PROJECTS         TRAVEL         PORTRAITS         ABOUT

 
      

 Austin’s Smokey Offerings







    The world of BBQ is growing by the day.  Recently, I had read about the next big thing in culinary Scandinavia is American style BBQ.  Gastronomically it somehow maps on the Scandi sensibility.  In South America in places, traditional asado has mutated to resemble more of the American version of the slow cook.  And of course in Brooklyn, where I live and formerly the furthest place culturally from the origins of the tradition, BBQ is everywhere.















    American BBQ started in coastal Carolina but where does the heart today reside.  Texas edges out all other claimants, though all modern variants are legitimate and worthy.  Texas saw BBQ and said, “We want this.  This is ours.”  The boldness of the flavors and the sizes of the cuts of meat suits the Lone Star State.  In Texas, right now, there are probably over 300 BBQ establishments to sample if one is driving around the state.  Thats a lot of work to do and a lot of naps.  Austin, the state capital, is a good place to start though.  The city and its environs has the highest density of BBQ spots in the state, and many of the best.

    The top 3 BBQ joints one has to go to when in Austin are, Franklin Barbecue, Louis Mueller Barbecue, and Micklethwait Craft Meats.  One cant go wrong with any of these spots, although there are favorite offerings and standouts at each of them.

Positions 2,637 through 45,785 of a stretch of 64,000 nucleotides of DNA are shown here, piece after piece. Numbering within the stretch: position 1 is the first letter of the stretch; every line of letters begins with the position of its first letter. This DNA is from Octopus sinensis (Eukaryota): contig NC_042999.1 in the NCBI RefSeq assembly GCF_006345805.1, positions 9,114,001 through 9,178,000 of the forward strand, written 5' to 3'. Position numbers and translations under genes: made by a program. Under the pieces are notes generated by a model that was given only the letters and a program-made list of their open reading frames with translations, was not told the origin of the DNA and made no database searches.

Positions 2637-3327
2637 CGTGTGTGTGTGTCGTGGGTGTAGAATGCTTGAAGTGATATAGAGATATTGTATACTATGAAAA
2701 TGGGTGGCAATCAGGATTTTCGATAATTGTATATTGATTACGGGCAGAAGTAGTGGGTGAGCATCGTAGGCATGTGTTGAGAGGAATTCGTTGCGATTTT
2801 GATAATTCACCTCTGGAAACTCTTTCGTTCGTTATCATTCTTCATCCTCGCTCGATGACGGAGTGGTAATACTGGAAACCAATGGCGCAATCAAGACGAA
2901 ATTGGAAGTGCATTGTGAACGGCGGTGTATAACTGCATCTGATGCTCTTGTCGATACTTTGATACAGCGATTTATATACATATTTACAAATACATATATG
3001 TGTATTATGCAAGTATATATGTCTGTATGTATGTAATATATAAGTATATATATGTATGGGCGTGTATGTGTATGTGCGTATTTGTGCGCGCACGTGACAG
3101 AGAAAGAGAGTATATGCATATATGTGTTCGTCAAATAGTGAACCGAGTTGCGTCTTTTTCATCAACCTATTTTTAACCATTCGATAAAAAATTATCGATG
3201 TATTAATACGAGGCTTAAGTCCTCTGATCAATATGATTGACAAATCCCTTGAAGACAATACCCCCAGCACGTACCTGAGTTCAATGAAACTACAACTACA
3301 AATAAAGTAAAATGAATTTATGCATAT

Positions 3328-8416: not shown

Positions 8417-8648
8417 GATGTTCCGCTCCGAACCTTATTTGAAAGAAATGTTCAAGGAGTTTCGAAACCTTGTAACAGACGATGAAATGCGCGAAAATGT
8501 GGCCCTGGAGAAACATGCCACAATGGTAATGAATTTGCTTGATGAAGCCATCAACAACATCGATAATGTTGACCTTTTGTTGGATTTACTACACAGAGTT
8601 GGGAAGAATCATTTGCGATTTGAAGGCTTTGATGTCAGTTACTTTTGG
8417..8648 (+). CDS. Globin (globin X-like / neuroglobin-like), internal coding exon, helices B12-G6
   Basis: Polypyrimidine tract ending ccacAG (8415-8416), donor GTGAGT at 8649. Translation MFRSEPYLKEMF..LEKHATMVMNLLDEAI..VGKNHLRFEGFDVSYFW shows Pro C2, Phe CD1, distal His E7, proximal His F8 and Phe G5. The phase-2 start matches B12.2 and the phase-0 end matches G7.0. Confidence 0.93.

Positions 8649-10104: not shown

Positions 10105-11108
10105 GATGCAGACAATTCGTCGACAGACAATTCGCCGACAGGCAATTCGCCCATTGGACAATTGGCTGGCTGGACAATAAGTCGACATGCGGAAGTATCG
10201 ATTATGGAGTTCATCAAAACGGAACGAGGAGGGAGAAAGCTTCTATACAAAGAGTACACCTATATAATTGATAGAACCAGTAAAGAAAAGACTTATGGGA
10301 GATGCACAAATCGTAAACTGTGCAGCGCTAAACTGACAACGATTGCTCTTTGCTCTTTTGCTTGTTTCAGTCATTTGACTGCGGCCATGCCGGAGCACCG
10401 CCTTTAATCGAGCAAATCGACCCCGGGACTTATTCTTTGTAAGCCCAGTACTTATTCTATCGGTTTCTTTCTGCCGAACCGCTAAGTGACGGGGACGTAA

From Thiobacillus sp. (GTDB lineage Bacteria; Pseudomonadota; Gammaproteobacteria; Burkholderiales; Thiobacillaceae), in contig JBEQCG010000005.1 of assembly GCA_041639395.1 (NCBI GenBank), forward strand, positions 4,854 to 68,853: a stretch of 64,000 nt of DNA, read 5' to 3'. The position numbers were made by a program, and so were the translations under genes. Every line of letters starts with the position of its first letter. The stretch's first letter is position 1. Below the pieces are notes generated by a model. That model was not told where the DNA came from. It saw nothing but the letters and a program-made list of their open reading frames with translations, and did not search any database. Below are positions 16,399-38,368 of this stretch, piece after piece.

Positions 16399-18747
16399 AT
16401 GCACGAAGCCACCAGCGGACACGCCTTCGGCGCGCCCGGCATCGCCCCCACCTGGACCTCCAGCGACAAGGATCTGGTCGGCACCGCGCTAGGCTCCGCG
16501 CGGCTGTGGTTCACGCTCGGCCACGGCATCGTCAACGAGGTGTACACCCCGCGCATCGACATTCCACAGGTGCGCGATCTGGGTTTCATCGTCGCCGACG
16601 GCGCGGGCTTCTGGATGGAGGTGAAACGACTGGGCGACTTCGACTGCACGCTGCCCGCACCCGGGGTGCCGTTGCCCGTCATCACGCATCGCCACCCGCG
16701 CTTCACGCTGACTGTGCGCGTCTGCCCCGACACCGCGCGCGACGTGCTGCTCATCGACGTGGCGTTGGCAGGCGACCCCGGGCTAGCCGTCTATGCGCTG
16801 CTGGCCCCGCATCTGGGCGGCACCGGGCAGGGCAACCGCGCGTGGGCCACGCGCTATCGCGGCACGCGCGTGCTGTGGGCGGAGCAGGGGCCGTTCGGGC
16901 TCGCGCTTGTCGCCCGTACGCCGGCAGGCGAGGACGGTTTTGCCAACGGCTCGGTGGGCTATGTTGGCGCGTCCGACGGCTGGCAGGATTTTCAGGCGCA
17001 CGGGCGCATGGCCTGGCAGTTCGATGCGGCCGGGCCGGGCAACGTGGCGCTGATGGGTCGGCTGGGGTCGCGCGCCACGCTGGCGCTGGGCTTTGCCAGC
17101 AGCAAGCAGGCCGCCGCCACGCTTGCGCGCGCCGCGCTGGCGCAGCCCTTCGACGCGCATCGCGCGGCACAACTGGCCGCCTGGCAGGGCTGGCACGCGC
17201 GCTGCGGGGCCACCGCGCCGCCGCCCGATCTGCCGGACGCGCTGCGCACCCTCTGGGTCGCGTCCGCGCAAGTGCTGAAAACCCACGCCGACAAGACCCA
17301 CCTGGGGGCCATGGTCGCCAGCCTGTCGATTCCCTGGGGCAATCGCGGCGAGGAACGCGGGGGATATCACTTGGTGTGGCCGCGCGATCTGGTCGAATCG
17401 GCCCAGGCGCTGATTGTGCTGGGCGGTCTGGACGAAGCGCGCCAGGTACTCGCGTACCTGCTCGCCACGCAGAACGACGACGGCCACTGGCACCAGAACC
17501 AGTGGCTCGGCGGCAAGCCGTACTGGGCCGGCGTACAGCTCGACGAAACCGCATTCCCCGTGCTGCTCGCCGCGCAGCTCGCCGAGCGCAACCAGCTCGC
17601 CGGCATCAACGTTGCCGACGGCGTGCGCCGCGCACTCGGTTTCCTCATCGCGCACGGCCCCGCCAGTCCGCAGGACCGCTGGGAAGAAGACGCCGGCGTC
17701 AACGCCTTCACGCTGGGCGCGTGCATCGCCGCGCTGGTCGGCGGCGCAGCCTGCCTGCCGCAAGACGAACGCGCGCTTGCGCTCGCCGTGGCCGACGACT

Louis Mueller, located just outside of town, is a place that has been transported through time and space from 100 years ago.  Once a basketball gymnasium, layers of smoke and char have been applied to the walls and surfaces of the building as well as to the meats over its long history.  The jalepeno sausage is rediculous and something I’ll be trying to mail order to Brooklyn sometime soon.





    Franklin Barbecue, which stands atop the BBQ world, thanks to the work of proprietor Aaron Franklin, has the best brisket there is.  I can’t tell you from experience myself, because it was sold out.  The 100 yard line that started 3 hours before opening on a cold and rainy thursday morning meant there was going to be no more brisket. And that happens everyday they are open.  If you dont want to wait in line, you can order over the phone for takeout, but the food sells out there just the same.








    Micklethwait Craft Meats is the most modest in presentation of these 3 spots, but stands out the most in my memory for the deliciousness of its BBQ.  A trailor and some tent covered picnic tables is what you pull into.  And then what you sit down with is a plate of heaven.  We only sampled half of what they had on the menu, so I dont know if we just got lucky or if everything was equally good.  The pork ribs were great.  Maybe 3rd best of my life, and they aren’t even known for their ribs.  The barbecoa was the best of my life and for sides, I had the best beans of my life and the best grits of my life.  Wow, that’s 3 bests!!  This list was supposed to be a top 4 but after visiting Micklethwaits, I couldn’t eat anything else for 36 hours.  Oh well, so here are your top 3.